The US Federal Communications Commission (FCC) moved to reject T-Mobile US’ request for an increase in low band spectrum to be set aside for smaller operators in next year’s auction.
The FCC already set aside 30MHz of airwave licences for only ‘smaller carriers’ to bid on last year, and self-styled disruptive operator T-Mobile US has been actively lobbying for increased limits against market leaders Verizon and AT&T’s involvement in the upcoming auction.
In a unanimous five member decision, the commission voted to “deny a petition for reconsideration asking the commission to increase the reserve to at least 40MHz for qualified licences”.
The FCC added it “reaffirmed its decision to establish a market-based spectrum reserve of up to 30MHz of spectrum in next year’s incentive auction to promote competition in the wireless marketplace”.
In June, FCC chairman Tom Wheeler said he wanted the regulator to reject the request, stating the reserve of 30MHz “facilitates competitive bidding for all auction participants”. At the time, the US Justice Department pledged support to the smaller carriers over the issue, warning that “those with market power may be willing to pay the most”.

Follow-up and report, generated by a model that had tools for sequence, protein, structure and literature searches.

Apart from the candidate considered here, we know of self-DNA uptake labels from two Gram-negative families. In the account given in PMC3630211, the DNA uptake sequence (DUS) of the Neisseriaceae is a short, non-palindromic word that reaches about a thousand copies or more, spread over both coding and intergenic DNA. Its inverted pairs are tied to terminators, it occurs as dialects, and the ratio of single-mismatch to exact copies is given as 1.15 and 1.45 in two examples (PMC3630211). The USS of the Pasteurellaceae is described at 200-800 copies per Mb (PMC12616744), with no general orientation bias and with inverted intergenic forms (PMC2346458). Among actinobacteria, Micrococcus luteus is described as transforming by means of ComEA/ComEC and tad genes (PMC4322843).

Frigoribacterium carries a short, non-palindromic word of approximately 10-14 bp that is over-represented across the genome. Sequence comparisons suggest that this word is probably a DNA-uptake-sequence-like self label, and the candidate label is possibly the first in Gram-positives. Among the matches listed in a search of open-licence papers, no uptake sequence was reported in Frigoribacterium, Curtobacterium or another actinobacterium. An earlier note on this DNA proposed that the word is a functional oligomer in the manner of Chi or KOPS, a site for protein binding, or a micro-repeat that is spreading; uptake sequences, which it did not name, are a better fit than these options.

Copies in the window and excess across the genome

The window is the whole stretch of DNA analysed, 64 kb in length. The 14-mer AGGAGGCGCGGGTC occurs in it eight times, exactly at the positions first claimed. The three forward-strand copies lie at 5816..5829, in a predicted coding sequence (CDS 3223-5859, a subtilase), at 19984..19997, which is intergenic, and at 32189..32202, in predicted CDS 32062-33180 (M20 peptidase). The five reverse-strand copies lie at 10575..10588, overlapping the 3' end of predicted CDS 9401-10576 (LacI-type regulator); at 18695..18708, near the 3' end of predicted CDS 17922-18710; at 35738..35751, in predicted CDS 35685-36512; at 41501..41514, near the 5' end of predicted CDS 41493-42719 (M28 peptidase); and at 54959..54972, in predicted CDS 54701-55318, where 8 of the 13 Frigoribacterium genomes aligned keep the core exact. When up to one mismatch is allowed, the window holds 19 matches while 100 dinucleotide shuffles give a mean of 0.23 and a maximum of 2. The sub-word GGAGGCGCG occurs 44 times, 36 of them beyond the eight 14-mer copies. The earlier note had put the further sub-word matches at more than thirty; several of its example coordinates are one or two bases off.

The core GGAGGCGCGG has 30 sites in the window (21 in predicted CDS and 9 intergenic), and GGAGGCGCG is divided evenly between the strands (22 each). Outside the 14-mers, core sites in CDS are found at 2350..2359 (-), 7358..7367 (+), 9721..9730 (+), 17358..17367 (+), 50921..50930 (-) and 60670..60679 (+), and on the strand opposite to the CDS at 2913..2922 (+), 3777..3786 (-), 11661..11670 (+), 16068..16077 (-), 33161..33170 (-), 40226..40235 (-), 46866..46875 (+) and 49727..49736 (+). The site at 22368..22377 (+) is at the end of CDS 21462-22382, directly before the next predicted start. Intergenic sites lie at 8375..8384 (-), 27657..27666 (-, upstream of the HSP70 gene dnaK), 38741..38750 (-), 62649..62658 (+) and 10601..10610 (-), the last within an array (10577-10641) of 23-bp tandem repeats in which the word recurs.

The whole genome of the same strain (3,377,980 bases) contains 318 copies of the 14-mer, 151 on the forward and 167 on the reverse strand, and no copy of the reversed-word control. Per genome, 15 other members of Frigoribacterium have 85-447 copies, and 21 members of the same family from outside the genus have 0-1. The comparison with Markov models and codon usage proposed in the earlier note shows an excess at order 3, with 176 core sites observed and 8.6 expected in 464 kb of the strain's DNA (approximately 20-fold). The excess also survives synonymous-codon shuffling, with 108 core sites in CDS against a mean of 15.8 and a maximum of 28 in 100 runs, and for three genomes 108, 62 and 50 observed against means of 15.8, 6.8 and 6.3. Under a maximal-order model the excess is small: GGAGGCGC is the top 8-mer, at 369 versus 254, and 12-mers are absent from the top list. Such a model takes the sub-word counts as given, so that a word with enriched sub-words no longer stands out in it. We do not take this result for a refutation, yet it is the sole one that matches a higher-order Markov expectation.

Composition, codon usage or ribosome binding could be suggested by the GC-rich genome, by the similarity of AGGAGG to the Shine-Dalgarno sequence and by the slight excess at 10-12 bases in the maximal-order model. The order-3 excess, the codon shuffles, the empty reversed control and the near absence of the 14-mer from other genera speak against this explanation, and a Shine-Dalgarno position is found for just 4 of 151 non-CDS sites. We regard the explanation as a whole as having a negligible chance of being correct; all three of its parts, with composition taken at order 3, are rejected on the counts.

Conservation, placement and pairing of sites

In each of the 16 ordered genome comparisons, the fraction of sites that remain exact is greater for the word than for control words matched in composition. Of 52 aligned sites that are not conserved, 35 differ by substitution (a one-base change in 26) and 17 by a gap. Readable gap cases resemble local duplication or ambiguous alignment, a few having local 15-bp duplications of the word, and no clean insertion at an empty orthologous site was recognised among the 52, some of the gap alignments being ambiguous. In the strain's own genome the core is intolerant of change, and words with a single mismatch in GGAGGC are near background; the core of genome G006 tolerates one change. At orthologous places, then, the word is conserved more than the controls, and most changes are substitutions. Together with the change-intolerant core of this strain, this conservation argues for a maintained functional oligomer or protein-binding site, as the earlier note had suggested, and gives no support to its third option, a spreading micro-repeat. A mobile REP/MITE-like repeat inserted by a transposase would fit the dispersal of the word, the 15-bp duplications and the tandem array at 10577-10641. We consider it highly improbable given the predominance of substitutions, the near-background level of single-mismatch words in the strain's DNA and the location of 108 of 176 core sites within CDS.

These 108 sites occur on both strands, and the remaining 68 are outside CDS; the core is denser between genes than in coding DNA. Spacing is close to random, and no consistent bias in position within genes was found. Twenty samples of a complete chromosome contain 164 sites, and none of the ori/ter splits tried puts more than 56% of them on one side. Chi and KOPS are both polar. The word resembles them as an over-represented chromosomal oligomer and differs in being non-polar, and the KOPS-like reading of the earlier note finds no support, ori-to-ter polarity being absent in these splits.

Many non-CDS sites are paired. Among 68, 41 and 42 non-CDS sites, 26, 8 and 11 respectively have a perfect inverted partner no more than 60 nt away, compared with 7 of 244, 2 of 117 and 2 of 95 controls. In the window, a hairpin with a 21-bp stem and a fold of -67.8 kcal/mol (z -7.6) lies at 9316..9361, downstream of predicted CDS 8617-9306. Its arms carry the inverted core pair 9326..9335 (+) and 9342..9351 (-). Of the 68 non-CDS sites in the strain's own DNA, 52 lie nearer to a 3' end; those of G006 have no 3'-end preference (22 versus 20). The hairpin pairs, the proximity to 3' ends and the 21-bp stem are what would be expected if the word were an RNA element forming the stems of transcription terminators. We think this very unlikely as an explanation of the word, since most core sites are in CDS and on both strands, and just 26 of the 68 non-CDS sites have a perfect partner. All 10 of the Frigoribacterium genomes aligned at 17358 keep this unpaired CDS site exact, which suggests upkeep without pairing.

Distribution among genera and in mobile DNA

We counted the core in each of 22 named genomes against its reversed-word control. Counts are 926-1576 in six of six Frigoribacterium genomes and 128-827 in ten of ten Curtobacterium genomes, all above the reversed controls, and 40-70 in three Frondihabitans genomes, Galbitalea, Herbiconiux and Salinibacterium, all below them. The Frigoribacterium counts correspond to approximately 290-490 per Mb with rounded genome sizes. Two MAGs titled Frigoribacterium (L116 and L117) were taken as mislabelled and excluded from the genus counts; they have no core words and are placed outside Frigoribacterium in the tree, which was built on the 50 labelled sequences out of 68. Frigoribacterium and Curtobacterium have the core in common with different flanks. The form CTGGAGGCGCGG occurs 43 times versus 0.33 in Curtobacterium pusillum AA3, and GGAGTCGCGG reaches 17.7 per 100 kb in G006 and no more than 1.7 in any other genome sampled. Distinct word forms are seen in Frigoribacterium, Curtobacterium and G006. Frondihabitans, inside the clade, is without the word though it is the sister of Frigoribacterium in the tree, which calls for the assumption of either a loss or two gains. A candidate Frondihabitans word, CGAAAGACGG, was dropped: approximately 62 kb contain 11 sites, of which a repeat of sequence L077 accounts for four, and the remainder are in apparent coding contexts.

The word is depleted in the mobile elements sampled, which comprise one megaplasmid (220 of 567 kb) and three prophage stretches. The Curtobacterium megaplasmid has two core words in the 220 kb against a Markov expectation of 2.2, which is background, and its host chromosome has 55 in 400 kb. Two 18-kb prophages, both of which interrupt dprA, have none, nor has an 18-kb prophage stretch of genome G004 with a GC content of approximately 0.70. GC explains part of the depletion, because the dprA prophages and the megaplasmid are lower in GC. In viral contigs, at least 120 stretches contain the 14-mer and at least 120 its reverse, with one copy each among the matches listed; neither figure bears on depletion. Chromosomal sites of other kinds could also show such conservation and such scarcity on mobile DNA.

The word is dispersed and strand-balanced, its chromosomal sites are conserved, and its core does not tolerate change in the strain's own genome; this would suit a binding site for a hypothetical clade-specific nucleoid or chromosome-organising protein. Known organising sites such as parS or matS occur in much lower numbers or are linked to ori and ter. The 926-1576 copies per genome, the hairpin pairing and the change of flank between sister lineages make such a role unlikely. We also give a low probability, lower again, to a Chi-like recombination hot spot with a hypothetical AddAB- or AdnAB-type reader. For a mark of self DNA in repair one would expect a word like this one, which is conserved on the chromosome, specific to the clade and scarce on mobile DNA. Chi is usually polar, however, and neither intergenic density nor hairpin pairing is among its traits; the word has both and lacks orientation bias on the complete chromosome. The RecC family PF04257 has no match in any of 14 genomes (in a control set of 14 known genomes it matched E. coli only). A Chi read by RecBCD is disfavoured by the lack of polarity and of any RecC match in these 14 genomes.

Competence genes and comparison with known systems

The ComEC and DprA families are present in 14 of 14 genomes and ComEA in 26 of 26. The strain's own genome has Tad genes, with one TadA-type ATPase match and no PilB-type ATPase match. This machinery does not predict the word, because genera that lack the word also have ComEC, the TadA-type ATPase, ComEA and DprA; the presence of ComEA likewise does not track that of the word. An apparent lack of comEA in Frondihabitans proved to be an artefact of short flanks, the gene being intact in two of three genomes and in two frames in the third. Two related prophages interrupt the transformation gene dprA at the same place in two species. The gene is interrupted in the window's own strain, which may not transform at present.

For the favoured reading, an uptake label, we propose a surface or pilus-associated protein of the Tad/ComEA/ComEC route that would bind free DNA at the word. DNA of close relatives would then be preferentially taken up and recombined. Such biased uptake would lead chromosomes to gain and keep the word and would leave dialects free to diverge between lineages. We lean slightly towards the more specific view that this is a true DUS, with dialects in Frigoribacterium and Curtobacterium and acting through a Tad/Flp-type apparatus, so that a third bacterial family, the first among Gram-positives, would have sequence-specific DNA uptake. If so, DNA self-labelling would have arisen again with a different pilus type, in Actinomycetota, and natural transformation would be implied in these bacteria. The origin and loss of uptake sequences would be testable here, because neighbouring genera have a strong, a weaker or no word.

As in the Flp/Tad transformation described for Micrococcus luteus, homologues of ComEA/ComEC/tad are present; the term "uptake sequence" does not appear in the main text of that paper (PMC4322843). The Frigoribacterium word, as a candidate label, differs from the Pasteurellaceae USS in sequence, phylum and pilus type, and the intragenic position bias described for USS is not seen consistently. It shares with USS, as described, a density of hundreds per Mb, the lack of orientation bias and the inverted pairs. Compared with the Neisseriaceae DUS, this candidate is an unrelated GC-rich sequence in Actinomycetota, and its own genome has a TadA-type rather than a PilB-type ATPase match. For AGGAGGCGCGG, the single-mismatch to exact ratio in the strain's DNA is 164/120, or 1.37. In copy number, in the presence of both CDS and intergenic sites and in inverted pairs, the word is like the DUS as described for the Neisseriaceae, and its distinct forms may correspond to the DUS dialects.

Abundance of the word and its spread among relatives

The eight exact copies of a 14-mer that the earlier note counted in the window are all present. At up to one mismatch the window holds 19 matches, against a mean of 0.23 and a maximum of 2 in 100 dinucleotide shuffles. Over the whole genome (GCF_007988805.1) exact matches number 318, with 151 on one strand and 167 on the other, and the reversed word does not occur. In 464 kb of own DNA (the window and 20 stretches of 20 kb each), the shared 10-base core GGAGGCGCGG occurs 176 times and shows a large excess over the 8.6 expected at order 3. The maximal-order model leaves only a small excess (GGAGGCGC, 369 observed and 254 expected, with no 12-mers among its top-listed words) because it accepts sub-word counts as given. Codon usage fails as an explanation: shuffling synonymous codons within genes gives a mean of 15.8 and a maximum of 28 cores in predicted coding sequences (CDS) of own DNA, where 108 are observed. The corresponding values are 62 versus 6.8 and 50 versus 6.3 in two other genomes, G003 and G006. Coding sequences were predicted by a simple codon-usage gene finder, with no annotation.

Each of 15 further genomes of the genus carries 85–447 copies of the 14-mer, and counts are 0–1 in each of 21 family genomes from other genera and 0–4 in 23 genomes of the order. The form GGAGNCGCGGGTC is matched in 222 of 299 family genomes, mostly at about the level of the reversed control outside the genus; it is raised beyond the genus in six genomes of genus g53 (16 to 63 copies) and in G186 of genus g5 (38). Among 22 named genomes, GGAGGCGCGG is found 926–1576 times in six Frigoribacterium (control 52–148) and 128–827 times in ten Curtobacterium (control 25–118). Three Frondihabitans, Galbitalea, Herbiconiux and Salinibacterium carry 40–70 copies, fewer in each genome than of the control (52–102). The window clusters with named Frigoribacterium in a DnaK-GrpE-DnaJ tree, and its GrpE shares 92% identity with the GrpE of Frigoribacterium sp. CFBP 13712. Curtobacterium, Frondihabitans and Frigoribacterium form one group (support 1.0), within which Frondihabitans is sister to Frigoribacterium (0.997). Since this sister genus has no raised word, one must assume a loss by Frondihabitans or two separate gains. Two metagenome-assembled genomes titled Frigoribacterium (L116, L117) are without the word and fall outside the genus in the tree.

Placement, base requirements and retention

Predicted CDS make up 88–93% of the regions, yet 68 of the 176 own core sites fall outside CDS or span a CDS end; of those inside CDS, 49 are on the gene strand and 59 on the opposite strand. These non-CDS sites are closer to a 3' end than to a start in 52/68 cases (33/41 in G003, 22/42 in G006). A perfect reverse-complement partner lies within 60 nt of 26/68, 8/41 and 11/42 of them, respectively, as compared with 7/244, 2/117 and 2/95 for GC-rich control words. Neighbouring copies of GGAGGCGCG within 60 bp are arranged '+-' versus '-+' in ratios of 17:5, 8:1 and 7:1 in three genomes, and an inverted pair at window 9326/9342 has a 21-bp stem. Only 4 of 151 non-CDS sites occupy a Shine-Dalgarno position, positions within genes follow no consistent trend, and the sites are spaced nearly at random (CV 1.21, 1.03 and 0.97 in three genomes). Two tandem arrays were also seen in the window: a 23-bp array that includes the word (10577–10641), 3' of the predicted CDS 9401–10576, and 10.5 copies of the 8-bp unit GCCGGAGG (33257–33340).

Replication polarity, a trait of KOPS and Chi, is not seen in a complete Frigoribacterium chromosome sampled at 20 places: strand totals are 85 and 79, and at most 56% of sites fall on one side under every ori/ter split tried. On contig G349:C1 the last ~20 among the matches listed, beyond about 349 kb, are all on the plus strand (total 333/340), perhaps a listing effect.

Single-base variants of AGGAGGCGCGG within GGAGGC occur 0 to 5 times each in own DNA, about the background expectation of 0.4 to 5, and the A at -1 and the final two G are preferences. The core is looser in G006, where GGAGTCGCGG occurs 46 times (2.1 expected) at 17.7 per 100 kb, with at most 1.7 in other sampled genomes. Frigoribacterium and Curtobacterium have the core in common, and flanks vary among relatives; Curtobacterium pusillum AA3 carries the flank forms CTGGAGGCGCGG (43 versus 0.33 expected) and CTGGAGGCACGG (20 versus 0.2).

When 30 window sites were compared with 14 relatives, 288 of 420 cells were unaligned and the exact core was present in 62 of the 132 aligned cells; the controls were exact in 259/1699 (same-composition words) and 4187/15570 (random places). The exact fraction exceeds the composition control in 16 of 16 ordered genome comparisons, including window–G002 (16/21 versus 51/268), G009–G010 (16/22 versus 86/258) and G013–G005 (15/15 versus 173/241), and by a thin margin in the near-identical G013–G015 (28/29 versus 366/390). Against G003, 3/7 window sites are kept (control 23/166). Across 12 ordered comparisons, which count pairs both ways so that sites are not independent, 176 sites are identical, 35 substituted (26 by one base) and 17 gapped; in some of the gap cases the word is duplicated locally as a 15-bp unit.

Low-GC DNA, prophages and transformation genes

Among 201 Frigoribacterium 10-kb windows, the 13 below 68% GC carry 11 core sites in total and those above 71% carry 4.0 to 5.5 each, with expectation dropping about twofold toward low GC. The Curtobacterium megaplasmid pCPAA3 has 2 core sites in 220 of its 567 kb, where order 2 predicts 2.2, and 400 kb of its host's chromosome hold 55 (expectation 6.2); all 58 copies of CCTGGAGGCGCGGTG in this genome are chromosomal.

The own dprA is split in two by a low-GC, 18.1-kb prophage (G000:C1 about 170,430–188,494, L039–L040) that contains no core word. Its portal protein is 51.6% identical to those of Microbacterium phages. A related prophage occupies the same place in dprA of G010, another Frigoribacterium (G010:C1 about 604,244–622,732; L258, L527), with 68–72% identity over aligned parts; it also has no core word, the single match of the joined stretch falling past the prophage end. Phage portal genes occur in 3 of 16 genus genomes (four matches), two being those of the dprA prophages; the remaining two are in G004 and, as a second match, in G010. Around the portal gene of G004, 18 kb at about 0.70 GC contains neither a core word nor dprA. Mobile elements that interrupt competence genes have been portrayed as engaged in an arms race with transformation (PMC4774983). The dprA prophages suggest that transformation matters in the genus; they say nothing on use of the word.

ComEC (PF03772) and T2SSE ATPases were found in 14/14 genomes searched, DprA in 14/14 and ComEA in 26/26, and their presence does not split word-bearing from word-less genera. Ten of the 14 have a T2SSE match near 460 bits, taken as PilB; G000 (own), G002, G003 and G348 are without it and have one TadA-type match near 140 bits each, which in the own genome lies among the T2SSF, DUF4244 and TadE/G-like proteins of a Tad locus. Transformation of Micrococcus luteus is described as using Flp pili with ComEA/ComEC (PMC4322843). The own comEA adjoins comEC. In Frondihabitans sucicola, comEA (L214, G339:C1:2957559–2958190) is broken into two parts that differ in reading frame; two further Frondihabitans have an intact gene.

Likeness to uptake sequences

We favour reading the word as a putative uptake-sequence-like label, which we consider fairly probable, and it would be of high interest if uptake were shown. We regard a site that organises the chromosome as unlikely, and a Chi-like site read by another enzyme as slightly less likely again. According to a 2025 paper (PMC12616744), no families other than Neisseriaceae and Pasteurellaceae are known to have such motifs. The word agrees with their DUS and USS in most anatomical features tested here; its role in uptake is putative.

T-Mobile US’ fiery CEO John Legere took to Twitter to play down FCC’s decision, claiming the current “reserve includes great quality spectrum and looks like the FCC will be monitoring closely so duopoly (AT&T and Verizon) can’t game the system”.
“T-Mobile US is committed to showing up, playing hard and being successful at the auction,” he added.
His reaction to FCC’s decision represents a sharp contrast to his last tirade over the subject, when he claimed both AT&T and Verizon had deployed an arm of lobbyists to strong arm the five FCC commissioners in charge of governing the auction.
Verizon hit back at Legere’s claims at the time, stating “T-Mobile US is more than welcome to participate in any auction that FCC holds”.
Next year’s spectrum auction, due to start in March, will be the first time operators will be able to buy low-frequency airwaves in the US since 2008.
“This spectrum is important because of its propagation characteristics which allow it to travel farther and to penetrate buildings better,” said Wheeler in a statement. “With more than 70 per cent of low-band spectrum in the hands of just two providers, this decision assures that multiple providers have meaningful opportunity to acquire these valuable airwaves.”